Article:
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German Retro-Visions

This survey integrates classic works from German cinema with contemporary films that focus on dynamic interactions between film history and social history.


November 1 (Monday) 7 pm

Ali: Fear Eats the Soul (Angst essen Seele auf)

Directed by Rainer Werner Fassbinder
West Germany 1973, color, 35mm, 94 min.
German with English subtitles
With Bridgette Mira, El Hedi ben Salem, and Barbara Valentin

To say this film is a family melodrama would be an understatement. This is Melodrama with a capital M, and a beautiful homage to Douglas Sirk, particularly his film All that Heaven Allows. Fassbinder brilliantly articulates class and sexual politics by showing how once the prejudices surrounding a controversial couple begin to lessen, their relationship starts to unravel. His famous indoor long-shot is perfectly integrated and the colors masterfully contrasted with the reality they adorn.

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November 1 (Monday) 9 pm

Lina Braake

Directed by Bernhard Sinkel
West Germany 1974, 16mm, 85 min.
German with English subtitles
With Lina Carstens, Fritz Rasp, Herbert Botticher

After the owner of the house in which Lina Braake has lifelong right of residence dies, the house is bought by a bank, and Lina is evicted. Sent to a home for the elderly, she meets 84-year-old Gustaf, with whom she plots to take revenge on the bank.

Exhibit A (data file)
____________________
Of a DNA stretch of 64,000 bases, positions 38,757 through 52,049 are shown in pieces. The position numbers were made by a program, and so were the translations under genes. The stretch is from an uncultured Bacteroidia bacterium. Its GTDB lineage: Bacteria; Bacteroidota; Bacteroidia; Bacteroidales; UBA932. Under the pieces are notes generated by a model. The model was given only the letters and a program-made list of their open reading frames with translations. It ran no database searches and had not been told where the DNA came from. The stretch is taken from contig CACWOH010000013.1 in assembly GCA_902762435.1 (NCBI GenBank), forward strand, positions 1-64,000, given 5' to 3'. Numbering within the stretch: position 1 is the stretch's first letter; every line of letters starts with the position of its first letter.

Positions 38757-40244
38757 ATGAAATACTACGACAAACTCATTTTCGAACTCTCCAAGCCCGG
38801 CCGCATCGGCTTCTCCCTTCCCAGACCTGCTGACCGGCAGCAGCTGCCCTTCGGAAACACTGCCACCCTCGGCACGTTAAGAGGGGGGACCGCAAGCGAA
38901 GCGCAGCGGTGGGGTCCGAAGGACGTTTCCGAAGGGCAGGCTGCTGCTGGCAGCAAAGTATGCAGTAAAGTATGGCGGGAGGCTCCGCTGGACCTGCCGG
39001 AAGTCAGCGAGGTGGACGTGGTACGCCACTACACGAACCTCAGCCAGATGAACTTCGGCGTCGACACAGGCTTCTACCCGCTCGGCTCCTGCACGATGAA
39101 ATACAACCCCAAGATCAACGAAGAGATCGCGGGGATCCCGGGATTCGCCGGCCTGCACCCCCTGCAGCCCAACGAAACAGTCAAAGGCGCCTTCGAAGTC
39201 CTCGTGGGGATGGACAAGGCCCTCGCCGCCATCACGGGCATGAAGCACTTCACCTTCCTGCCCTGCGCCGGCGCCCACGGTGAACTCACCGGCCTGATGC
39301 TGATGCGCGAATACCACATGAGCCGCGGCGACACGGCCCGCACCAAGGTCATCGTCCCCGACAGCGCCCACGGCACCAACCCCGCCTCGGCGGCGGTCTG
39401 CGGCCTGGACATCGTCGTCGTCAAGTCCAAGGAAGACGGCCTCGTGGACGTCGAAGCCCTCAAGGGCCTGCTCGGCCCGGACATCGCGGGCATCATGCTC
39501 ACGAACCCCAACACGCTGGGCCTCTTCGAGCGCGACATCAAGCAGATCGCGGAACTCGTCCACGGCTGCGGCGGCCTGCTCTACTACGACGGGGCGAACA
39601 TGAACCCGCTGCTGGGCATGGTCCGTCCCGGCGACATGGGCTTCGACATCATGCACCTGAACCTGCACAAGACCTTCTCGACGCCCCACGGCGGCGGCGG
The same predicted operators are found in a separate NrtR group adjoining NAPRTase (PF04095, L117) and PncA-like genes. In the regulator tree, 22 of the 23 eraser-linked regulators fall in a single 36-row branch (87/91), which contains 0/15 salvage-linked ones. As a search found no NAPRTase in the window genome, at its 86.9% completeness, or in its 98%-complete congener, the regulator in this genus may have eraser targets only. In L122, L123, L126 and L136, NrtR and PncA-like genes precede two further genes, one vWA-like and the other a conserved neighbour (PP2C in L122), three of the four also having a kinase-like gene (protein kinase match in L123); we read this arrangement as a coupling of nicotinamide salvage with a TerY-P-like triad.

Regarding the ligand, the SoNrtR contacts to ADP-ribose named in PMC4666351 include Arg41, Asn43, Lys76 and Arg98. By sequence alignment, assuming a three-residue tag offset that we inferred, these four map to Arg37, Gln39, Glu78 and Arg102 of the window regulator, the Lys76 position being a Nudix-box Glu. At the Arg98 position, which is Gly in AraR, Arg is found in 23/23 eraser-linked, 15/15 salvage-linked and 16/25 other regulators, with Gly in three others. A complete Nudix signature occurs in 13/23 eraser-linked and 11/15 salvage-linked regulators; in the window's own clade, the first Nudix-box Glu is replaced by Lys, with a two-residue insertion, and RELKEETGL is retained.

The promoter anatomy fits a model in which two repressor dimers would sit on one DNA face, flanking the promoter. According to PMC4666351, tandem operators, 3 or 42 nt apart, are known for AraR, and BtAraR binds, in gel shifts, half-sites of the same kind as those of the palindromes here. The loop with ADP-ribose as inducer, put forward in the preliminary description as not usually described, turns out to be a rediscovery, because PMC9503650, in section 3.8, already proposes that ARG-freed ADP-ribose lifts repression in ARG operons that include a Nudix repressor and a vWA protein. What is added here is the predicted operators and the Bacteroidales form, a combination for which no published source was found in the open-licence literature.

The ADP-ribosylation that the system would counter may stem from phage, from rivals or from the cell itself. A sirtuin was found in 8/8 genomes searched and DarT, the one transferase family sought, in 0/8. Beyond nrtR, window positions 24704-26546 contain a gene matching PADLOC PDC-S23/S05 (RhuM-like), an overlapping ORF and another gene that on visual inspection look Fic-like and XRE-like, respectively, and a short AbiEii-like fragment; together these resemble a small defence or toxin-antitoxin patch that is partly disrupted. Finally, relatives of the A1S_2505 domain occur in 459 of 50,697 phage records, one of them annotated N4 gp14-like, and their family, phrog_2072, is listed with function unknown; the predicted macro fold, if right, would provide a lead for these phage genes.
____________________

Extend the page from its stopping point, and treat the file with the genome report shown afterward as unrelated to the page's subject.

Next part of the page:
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November 8 (Monday) 7 pm

Zero Hour (Stunde Null)

Directed by Edgar Reitz
West Germany 1976, 16mm, 108 min.
German with English subtitles
With Kai Taschner, Herbert Weissbach, Gunter Schimann

An early work by the director of Heimat, Reitz’s Zero Hour is set as the Third Reich has just ended. Joschie, a former member of the Hitler Youth, dreams of America and hopes to follow the Americans as they leave the area to the Russians. But first he must recover a treasure that the Nazis have buried in a cemetery in a village near Leipzig. Driving to the village, where everyone is waiting for the Red Army to arrive, Joschie meets a refugee girl and tells her his secret.

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January 8 (Monday) 7 pm

The Murderers are Among Us (Die Morder sind unter uns)

Directed by Wolfgang Staudte
Germany 1946, b/w, 16mm, 87 min.
German with English subtitles

The first feature film to issue from a shell-shocked nation, The Murderers Are Among Us gained recognition for its expressionistic shadows, which evoked Weimar Germany’s "haunted screen," and for its documentary verisimilitude, which echoed Neorealism’s exploration of postwar spaces. Set in Berlin, former capital of the German Reich now reduced to mounds of rubble, the film focuses on the struggles of the city’s desperate and cynical survivors. In portraying a country shattered by bombs and shackled with guilt, Staudte delivers a powerful indictment of an unreconciled past.

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November 15 (Monday) 9:30

The Glass Sky (Der gläerne Himmel)